A company once valued at $9-billion USD sits at the center of a huge controversy. Once poised to disrupt the medical testing industry, Theranos now stalls without funding and leadership.
The U.S. Securities and Exchange Commission (SEC) sanctioned Theranos founder and president in March 2018 for defrauding investors. But this only came to light thanks to a 2015 exposé penned by The Wall Street Journal reporter John Carreyrou.
The company still operates on a daily basis for now, but they are near bankruptcy. What’s worse, current Theranos employees made headlines again for the wrong reasons.
How did a vision of accessible, affordable blood testing transform into fraud?
Lofty Goals Proved to be Impossible
Some of you reading this might remember the buzz around a company named “Theranos” years ago. In fact, CEO Elizabeth Holmes dropped out of Stanford University in 2004 to start the company.
Similar to other tech startups, Theranos sought to disrupt the medical testing industry. The goal was to provide cheaper, more available, and more efficient alternatives for blood testing than is currently provided. Initially, they thought they could do all of this with just “a few drops of blood”.
Theranos relied on their chief device (coined “Edison”) to support their disruptive vision. The original goals of the company included five objectives:
- Extracting blood without using syringes
- Making a diagnosis from a just few drops of blood
- Automating tests in order to decrease the possibility of human error
- Processing the tests more quickly
- Executing all of these objectives more economically
As it turns out, they couldn’t live up to their promises. The 2015 WSJ exposé led to several revelations including:
- “failing to report test results that raised questions about the precision of the Edison system”
- Misled investors during product demonstrations, presentations, and media presence
- Lied about Theranos products being used by the U.S. Department of Defense
- Violating multiple stipulations of the SEC
News about the once-innovative company did not improve after the SEC sanction.
The Exposure of Elizabeth Holmes
CEO Elizabeth Holmes emulated Steve Jobs with black turtlenecks and lofty rhetoric. She appeared on various magazine covers from Forbes to Fortune to Glamour.
The New Yorker profiled Holme’s life, describing her privileged childhood where her parents encouraged her to “dream big”. She dropped out of Stanford University and incorporated Theranos in April 2004. Holmes raised $6-million USD in funding for the business in less than a year.
The world lauded Holmes as “being the next Steve Jobs” and the next Silicon Valley legend.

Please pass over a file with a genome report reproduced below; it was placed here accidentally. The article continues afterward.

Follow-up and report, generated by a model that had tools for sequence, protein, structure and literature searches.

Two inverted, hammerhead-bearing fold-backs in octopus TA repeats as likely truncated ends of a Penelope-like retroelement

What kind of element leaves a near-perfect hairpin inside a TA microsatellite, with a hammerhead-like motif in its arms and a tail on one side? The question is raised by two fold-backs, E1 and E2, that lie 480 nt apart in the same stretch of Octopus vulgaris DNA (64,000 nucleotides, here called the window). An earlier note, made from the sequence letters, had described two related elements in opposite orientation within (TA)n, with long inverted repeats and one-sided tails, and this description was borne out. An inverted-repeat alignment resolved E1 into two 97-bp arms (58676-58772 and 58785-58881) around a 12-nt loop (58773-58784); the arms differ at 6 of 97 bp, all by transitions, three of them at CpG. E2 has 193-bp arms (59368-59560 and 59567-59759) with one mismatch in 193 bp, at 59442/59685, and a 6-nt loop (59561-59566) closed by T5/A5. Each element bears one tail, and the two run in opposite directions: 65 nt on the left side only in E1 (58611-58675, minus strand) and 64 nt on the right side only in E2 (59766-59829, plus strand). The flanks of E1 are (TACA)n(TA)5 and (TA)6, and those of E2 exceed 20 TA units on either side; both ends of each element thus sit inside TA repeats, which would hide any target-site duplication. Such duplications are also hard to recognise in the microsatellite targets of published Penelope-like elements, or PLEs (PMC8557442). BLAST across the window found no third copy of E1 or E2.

But Holmes never seemed to explain how the nano-trainers and “Edison” functioned. Despite this, Holmes garnered large-scale attention, eventually partnering with Walgreens.
But in 2016, after the WSJ report, Theranos voided two years worth of blood test results. Even before the WSJ bombshell, Theranos had to settle a lawsuit with one of its biggest investors in 2014. The revelations about fraudulent test results only exacerbated things.
In 2017, Theranos settled their suit with Walgreens to the tune of $30-million USD. Before this, Walgreens had operated around 40 Theranos blood-testing locations.
Theranos could not employ scientists to save itself since Holmes forbade scientists from writing peer-review papers. Holmes, once again, emulated Steve Jobs saying:
“This is what happens when you work to change things . . . First they think you’re crazy, then they fight you, and then, all of a sudden, you change the world.”
Only that change would never come for Holmes and her cohorts at Theranos.
The SEC sentenced Elizabeth Holmes and company president Ramesh “Sunny” Balwani in March of 2018. Neither of them has confirmed nor denied any allegations in the SEC complaint.
The Downfall Seems to Continue for Theranos
Though the company website still showcases its Theranos miniLab, news surrounding the company is not good.
Business Insider reported that Theranos employees played a video game similar to the classic “Space Invaders”. But there was one distinct difference: you shot at John Carreyrou’s face.
This comes after knowledge that employees also chanted “F— you, Carryrou” at an all-company meeting.
Despite the ire, the original goals of the company are noble and worth pursuing. Are any other startups taking up the mantle fraught with potential failure?
The Original Vision is Still Possible
The move into “disruptive diagnostics” didn’t stop with Elizabeth Holmes.
Several promising startups continue the work Theranos claimed to be doing. One has even raised almost $100-million USD in funding since 2007. Some of the stories sound familiar, while others approach slightly different goals. Here are some of the main frontrunners of this field:
- Genalyte – San Diego based blood-testing company with a machine to provide blood test results in 15 minutes from “a few drops of blood”
- Orphidia – part of the Houston Medical Center Innovation Institute, this company seeks to diagnose 40 blood tests in 20 minutes using microfluidics
- Athelas – a low-cost blood test alternative designed to detect diseases such as the flu, as well as cancer and bacterial infections even at home
- Karius – a diagnostic test to quickly detect infectious disease DNA from more than 1,250 pathogens using a standard blood draw
Some of the key differences between all of these companies involve methodology. For instance, Orphidia uses microfluidics to test using automation. Karius uses a full blood draw to detect infectious diseases through DNA fragment analysis.
With Theranos as a cautionary tale, as well as inspiration, perhaps these medical disrupting startups will be successful.
What surprised you most about the entire Theranos evolution from startup to downfall?
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